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Hess Creek development reaches final stage

Twenty-seven houses will round out subdivision at more than 100 new homes


The Highlands at Hess Creek development at the south end of Newberg was not projected to be a decade-long project, but as it began in 2006 and has spanned the housing crash and recovery, that’s the way it turned out.GARY ALLEN - Coming soon - An application has been submitted for the final phase of the Highlands at Hess Creek development, which has so far brought 76 new houses into the city and with this phase will top 100. Built by contractor Mart Storm, the     project has spanned 10 years due to the housing market crash shortly after it began.

Seventy-six houses have been built in the development, a number that will expand as the builders move into the final phase of the project, for which a public hearing will take place next week.

This phase will see the addition of 27 new houses to bring the final number of new units to more than 100, contractor Mart Storm of RA Storm Company, who is building the houses, said last week.

A prior Willcuts Company Realtors project north of the Highlands site brought 135 smaller houses to the area at the entrance to the subdivision.

Architecturally the houses are planned to be in the same style as those built during the Highlands development’s other phases, with an estimated similar price point once they hit the market.

“We completed a phase a year ago with 16 lots and those are $250,000 to $280,000. I would think these would be similar,” Storm said.

This phase of the subdivision will connect the development with a nine-acre piece of property owned by Chehalem Park and Recreation District. Plans for the property have been kicked around for quite a while.

“We always planned on developing a neighborhood playground there, a neighborhood park, and that’s still in the planning process,” CPRD Superintendent Don Clements said. “That’s really what we originally bought the property for many, many years ago because there was nothing there but we knew that would all eventually develop.”

Although the park has not yet materialized the land has gone through a few uses.

In August 2007 the Luke McKern house, built in 1873, and its associated 1859 barn were moved onto the CPRD property from their former home at 1180 Springbrook Road following the purchase of that property by developer Coyote Homes. The Friends of Historic Newberg coordinated with CPRD and the development company to make that happen.

The structures sat on the CPRD lot for several years until they were burned to the ground, the barn in October 2011 and the house in January 2012.

While the Newberg-Dundee Police Department was leaning toward arson as the cause of the fires and even were close to making an arrest at one point, the case was never closed and remains unsolved.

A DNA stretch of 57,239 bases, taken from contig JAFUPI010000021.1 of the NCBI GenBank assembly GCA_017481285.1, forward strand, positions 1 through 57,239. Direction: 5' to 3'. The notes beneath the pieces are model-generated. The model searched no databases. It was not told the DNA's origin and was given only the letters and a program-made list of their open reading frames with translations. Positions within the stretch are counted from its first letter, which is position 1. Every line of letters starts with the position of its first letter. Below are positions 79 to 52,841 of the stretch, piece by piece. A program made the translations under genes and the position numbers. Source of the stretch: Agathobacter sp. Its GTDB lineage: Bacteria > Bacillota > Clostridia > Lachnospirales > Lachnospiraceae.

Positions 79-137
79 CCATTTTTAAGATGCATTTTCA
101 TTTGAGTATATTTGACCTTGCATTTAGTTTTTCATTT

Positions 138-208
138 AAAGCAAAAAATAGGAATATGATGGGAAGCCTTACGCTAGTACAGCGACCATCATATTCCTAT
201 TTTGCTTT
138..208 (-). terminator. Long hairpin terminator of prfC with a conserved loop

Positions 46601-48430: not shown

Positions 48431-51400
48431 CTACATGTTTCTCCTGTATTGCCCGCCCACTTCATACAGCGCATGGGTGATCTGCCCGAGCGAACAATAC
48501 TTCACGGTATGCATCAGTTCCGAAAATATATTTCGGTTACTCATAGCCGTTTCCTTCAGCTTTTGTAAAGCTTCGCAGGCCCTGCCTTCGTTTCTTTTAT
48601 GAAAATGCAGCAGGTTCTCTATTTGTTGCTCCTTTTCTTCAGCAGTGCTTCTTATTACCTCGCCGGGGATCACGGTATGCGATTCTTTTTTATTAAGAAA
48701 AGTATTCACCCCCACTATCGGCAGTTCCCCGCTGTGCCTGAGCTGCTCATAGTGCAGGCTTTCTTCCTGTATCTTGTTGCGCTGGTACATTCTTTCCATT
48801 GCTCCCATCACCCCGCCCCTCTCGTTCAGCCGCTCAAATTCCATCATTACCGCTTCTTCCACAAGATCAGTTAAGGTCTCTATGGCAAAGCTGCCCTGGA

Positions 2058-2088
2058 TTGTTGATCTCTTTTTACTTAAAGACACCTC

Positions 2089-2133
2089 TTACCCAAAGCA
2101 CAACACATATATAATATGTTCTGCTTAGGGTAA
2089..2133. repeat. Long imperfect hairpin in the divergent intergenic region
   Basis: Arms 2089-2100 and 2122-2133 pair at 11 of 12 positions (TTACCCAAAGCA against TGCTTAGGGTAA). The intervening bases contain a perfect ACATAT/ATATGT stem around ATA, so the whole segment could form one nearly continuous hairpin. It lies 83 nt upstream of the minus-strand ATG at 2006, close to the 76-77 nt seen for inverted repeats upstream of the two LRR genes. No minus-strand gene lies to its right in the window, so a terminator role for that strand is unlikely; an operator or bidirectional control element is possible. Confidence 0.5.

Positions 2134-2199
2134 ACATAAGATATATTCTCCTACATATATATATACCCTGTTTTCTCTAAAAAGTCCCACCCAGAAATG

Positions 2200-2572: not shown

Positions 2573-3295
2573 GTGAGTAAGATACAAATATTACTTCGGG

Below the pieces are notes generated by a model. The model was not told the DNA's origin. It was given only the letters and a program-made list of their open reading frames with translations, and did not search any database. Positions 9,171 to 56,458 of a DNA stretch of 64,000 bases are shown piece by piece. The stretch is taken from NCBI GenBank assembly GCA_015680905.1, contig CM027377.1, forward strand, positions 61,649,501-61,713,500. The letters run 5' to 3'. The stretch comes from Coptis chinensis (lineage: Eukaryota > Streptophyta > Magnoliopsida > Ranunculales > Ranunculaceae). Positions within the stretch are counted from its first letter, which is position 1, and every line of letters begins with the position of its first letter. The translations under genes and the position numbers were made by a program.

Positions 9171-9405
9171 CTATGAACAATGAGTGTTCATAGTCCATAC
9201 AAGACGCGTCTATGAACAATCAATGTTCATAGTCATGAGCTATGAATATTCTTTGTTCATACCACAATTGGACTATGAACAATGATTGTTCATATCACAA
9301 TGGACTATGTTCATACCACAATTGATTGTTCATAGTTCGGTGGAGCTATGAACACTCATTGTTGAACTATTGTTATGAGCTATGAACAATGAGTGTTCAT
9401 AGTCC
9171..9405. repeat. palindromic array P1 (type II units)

With the new development coming the park is potentially closer to being a reality.

“It’s been my experience that CPRD develops parks after the houses are all constructed and the need is there,” Storm said. “I know homeowners that bought earlier would like it done.”

Clements said the plan has been to develop the park as soon as possible and that working on grants could start as early as next year.

As far as approval criteria for the Highlands development, while many land division proposals require only a decision by the community development director, because the Highlands project is located partially in a stream corridor overlay zone it requires planning commission approval to move forward.

Stream corridors are present on all streams in the city from Springbrook to Hess to Chehalem creeks. They are typically placed at the top of the bank at the edge of the stream’s canyon.

“It’s an area that’s supposed to remain in its natural state and not be developed,” City Planner Steve Olson said.

The eastern and western boundaries of the Highlands development fall under this overlay from their proximity to Hess Creek and Olson said those sections of the property will be untouched by the development.

Even if the overlay zone was not part of the city’s development code, building on areas it covers would be difficult.

“Part of our topography in Newberg is that the streams tend to be canyons anyway,” Olson said, meaning the areas are naturally unsuitable for construction.

A traffic study was not required for the Highlands proposal: guidelines set by the Institute of Transportation Engineers estimate residential evening trip generation as one trip per lot, meaning this development is expected to have a 27-trip addition to the peak traffic period for the area. The city only requires a traffic study when more than 40 trips will be generated.

Storm said construction of the street and utility improvements will begin as soon as possible once the proposal is approved, with individual lots becoming available for house construction as early as the fall. Completed homes could hit the market in fall 2016, rounding off the 10-year project.

Given the timing and the volatile state of the market throughout the development project, the builders are happy with the timeframe of the project.

“We felt fortunate to be done in 10 years,” Storm said.

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